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Sticky problem. E. coli bacteria attach to host cells using adhesive-tipped hairs.

Disentangling a Hairy Infection

It's not a pleasant thought, but the bacteria that cause urinary tract infections use tough, hairlike fibers tipped with adhesive to latch onto the lining of our kidneys and bladder. In the United States alone, the pesky bugs send 8 million people to the doctor each year. But new treatments for these painful infections and other diseases could be on the horizon, now that researchers have figured out how bacteria create those sticky fibers.

Many kinds of bacteria create so-called pili fibers, including the Escherichia coli responsible for urinary tract infections and the Yersinia pestis bacteria that cause bubonic plague. Pili fibers are towers of interlocking blocks of cells, stacked so that a dangling tail on each block fits neatly into a groove in the block below it. Researchers know that two common types of proteins--dubbed chaperones and ushers--somehow control pili assembly. Chaperones help other proteins fold into the right shapes and protect them from interactions that might cause trouble. Ushers, as their name suggests, ensure that chaperones bring proteins to the right location. But how these proteins actually assemble a pilus fiber wasn't known.

Taking up the challenge, microbiologist Scott Hultgren and molecular biophysicist Gabriel Waksman and colleagues at Washington University in St. Louis, Missouri, painstakingly took series of x-ray photographs of pilus fibers under construction. Studying the assembly process frame by frame, the team found that once the individual blocks, or subunits, are created inside the bacteria, a chaperone protein loosely fills in the empty groove on the subunit. The chaperone prevents the subunit from interacting with other proteins and carts it off to an usher protein on the bacterium's outer membrane. There, the chaperone detaches, and the subunit latches onto the dangling tail of another subunit. Thus connected, the subunits push up through the cell membrane to form a strong, stable fiber, the team reports in the 15 November issue of Cell.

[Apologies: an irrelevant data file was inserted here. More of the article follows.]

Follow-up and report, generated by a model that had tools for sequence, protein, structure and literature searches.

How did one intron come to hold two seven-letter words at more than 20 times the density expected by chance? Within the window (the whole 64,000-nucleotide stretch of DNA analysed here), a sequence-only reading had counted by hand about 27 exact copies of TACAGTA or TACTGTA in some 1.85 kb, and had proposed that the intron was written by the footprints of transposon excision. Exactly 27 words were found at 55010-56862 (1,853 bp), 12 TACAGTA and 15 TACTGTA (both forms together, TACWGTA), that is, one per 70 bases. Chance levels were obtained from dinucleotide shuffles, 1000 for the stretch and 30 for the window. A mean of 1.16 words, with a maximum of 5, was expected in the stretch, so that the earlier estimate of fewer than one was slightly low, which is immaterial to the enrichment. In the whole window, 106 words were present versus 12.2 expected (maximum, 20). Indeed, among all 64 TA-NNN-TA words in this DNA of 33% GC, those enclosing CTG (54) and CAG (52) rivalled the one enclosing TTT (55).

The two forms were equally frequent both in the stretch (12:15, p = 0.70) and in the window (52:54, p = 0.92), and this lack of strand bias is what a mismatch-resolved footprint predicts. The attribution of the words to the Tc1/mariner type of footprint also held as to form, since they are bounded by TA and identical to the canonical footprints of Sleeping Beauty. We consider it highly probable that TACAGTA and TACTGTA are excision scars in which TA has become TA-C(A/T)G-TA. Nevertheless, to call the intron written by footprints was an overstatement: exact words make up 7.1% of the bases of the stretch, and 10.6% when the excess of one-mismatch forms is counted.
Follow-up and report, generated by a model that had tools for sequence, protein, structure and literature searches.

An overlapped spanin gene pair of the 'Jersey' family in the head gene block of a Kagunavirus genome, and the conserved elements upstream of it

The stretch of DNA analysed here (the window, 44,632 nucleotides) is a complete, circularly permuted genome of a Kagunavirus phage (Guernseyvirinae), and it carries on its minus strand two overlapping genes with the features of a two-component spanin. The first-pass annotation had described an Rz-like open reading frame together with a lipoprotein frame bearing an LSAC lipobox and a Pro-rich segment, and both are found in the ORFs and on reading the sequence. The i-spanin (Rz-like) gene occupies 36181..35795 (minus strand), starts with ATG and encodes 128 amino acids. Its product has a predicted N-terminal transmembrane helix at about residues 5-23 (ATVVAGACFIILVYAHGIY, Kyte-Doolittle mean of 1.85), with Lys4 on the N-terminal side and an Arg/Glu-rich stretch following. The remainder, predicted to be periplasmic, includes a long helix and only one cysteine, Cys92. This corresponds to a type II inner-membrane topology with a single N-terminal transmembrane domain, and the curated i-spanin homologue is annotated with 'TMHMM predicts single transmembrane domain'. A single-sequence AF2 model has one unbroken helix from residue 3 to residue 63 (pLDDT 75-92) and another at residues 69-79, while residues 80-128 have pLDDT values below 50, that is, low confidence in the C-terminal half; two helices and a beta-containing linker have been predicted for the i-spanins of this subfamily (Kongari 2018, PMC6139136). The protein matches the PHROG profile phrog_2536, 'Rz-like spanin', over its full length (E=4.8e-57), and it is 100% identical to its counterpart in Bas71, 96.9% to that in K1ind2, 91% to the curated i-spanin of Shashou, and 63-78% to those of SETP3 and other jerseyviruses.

The study could lead to new strategies to treat urinary tract infections, says structural biologist Katrina Forest of the University of Wisconsin, Madison. Now that it's clear how pili are made, researchers can focus on halting subunit assembly or taking the pilus apart, she adds. The research might also lead to new insight into how chaperone proteins aid in the development of other complex molecular structures, says microbiologist David Thanassi of the State University of New York, Stony Brook, calling the research “remarkable and significant.”

Related sites
Scott Hultgren's site
Gabriel Waksman's site
David Thanassi's site
Katrina Forest's site